Thursday’s moves come after the major indexes posted their third straight day of losses, with investors eager to know details from trade negotiations between the U.S. and China.
Stocks are still up sharply for the year despite Thursday’s losses. The S&P 500 and Nasdaq have both risen more than 10 percent while the Dow is up more than 9 percent.
THURSDAY – U.S. stock index futures erased earlier losses on Thursday after the European Central Bank announced a new round of stimulus to help banks in the region.
At 8:10 a.m. ET, Dow Jones Industrial Average futures were up 23 points after slipping nearly 100 points. S&P 500 and Nasdaq 100 futures were also up slightly.
The ECB said its new targeted longer-term refinancing operations (TLTRO-III) stimulus program will start in September and run through March 2021. TLTROs are loans provided by the ECB to European banks at a low rate, making it easier for them to lend money to consumers, which in turn can help stimulate the economy. This is the third stimulus injection from the ECB since 2014.
Wall Street ended Wednesday’s session lower, posting its third consecutive decline. Investors are eager to know details from trade negotiations between the U.S. and China.
As trade talks between the world’s largest economies continue, there’s fresh tensions regarding Huawei. The Chinese firm filled a lawsuit against the U.S. government, claiming the law which bans it from selling equipment to government agencies is unconstitutional.
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MONDAY – U.S. stock index futures rose on Monday on a report that U.S. and China are getting close to a trade deal.
This morning, the Dow Jones Industrial Average futures were up 65 points, indicating a gain of more than 70 points at the open. Futures on the S&P 500 and Nasdaq 100 were also slightly higher.
The Wall Street Journal reported that China had proposed to bring down duties on certain American goods in an attempt to strike a deal with the U.S. The same report suggested both countries are at the final stage of their negotiations, which could see the country’s leaders meeting at a special summit to sign a trade deal soon.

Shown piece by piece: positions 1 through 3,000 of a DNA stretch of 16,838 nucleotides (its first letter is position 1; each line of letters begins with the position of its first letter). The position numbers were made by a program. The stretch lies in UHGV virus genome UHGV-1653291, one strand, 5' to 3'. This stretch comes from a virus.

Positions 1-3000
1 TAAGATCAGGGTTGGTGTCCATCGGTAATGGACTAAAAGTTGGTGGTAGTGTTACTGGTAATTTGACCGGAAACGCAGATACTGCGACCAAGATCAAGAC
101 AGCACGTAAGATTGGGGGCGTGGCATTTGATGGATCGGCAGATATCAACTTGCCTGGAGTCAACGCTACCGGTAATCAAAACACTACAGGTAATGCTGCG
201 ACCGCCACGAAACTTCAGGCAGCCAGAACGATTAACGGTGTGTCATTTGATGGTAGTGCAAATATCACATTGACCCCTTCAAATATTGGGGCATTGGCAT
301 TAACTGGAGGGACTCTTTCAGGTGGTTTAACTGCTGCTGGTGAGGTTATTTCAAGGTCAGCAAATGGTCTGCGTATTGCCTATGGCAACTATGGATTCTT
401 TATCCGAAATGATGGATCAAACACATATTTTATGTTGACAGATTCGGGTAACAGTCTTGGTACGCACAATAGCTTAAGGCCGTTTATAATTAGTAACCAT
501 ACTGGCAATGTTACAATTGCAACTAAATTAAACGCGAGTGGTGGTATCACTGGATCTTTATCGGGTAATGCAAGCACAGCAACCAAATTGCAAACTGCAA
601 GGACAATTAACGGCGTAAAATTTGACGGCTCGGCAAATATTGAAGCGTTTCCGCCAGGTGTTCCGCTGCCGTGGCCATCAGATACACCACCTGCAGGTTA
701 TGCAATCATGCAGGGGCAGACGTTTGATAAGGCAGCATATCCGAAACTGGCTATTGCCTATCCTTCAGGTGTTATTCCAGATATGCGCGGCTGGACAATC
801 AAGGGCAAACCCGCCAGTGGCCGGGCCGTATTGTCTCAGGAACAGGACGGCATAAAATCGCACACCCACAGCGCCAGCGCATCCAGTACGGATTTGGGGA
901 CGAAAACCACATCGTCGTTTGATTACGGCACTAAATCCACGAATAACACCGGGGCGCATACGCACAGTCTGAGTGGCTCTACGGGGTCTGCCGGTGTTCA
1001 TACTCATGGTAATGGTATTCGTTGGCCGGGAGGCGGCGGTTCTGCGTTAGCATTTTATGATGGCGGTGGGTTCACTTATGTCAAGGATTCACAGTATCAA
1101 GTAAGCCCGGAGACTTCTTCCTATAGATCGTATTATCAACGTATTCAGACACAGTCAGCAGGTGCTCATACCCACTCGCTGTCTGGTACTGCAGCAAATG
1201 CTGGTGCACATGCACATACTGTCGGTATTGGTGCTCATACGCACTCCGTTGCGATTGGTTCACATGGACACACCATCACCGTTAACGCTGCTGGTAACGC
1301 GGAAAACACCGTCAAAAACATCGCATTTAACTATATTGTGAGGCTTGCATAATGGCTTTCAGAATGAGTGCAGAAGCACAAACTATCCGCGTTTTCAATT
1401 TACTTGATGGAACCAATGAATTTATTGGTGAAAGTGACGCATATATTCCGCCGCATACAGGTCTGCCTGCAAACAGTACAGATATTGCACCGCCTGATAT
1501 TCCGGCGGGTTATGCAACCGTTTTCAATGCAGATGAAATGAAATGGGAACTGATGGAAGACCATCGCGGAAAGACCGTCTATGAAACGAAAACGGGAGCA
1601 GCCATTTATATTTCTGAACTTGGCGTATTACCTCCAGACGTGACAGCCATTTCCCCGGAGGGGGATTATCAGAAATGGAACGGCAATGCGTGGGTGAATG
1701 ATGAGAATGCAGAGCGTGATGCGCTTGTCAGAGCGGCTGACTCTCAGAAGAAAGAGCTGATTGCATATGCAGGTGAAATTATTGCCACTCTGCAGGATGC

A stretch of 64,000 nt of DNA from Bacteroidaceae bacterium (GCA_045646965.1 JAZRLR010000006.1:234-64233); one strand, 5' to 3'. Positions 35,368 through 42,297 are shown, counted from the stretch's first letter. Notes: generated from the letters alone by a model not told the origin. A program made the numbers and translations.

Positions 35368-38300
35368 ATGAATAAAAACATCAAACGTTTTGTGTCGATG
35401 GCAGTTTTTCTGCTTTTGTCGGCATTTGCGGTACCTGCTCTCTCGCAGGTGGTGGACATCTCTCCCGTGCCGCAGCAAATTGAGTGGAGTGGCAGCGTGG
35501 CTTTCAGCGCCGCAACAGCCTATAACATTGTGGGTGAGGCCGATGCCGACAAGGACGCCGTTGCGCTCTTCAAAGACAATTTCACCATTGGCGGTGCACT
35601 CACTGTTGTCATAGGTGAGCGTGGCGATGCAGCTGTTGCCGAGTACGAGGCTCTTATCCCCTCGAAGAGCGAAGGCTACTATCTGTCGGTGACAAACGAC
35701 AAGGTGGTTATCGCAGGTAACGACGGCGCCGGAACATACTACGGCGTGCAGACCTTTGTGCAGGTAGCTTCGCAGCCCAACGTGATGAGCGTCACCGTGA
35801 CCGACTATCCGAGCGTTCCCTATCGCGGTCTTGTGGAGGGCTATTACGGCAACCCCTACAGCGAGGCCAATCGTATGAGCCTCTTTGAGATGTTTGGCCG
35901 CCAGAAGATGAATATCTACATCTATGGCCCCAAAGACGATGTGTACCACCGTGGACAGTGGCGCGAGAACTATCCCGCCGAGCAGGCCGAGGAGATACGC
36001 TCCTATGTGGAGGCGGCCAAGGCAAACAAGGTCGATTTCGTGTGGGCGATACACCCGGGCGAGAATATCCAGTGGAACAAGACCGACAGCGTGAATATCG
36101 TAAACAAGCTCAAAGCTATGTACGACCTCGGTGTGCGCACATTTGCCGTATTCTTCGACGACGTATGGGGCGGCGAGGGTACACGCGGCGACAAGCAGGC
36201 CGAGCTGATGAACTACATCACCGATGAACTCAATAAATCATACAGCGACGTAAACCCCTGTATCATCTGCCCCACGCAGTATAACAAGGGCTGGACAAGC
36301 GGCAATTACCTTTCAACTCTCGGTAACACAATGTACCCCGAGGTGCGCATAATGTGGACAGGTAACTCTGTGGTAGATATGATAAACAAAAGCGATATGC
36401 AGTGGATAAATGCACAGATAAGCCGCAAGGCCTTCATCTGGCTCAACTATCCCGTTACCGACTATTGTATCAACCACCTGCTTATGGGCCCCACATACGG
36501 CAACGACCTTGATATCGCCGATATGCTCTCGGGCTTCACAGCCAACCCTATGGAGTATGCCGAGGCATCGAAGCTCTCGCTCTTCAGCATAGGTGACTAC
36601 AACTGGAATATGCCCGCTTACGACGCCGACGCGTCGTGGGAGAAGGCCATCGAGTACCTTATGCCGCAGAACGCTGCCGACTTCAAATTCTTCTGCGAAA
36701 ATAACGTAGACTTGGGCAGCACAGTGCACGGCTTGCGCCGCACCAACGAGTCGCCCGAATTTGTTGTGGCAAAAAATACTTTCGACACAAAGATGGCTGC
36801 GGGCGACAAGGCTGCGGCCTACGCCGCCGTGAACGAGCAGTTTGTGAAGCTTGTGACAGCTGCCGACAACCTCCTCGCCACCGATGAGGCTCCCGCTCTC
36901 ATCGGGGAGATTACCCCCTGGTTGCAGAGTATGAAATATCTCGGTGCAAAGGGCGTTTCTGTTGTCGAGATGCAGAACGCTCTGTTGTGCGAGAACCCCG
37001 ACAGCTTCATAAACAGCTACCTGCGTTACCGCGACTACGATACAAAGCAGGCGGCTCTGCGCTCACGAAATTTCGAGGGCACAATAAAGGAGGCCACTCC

The Trump administration touted last week significant progress being made in U.S. negotiations with China. Treasury Secretary Steven Mnuchin told CNBC on Thursday the two sides were getting closer.
The back-and-forth on trade between the two countries has sent ripples through financial markets since last year, with investors fretting how tighter trade conditions could impact corporate profits.
On the economic front, there will be construction spending figures out at 10 a.m. ET.
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Stocks rose on Friday on the back of stronger-than-expected employment data. Investors also shrugged off concerns over an escalating trade war between the U.S. and China.
The Dow Jones Industrial Average jumped 99.74 points to 24,456.48, with Apple and Microsoft outperforming. The S&P 500 closed 0.8 percent higher at 2,759.82, with health care rising 1.5 percent. The Nasdaq composite climbed 1.3 percent to 7,688.39 as the iShares Nasdaq Biotechnology ETF (IBB) surged 3.8 percent. Facebook rose to an all-time high, also boosting the Nasdaq.
The U.S. economy added 213,000 jobs in June, while economists polled by Reuters expected a gain of 195,000.
WEDNESDAY – Stocks rose on Wednesday, boosted by dealmaking activity and potentially improving trade relations between the U.S. and the European Union.
The Nasdaq composite rose 1 percent and hit an all-time high, led by Facebook and Netflix, which also reached record levels. The S&P 500 gained 0.4 percent, with technology stocks outperforming.
The Dow Jones industrial average, meanwhile, rose 10 points as it tired to snap its longest losing streak since March 2017.
Disney raised its bid for Twenty-First Century Fox assets to $38 per share, or $71.3 billion, surpassing an offer made by rival and NBCUniversal parent Comcast. Last week, Comcast bid $65 billion in cash for Fox assets which include FX, Star TV and stakes in Sky.
The bid sent Fox shares higher by 7.3 percent.
Stocks fell on Tuesday as trade tensions between the U.S. and China intensified. The Dow led the way lower, sliding nearly 300 points and erasing its gains for 2018.
Small cap and penny stock index Russell 2000 also jumped higher Wednesday.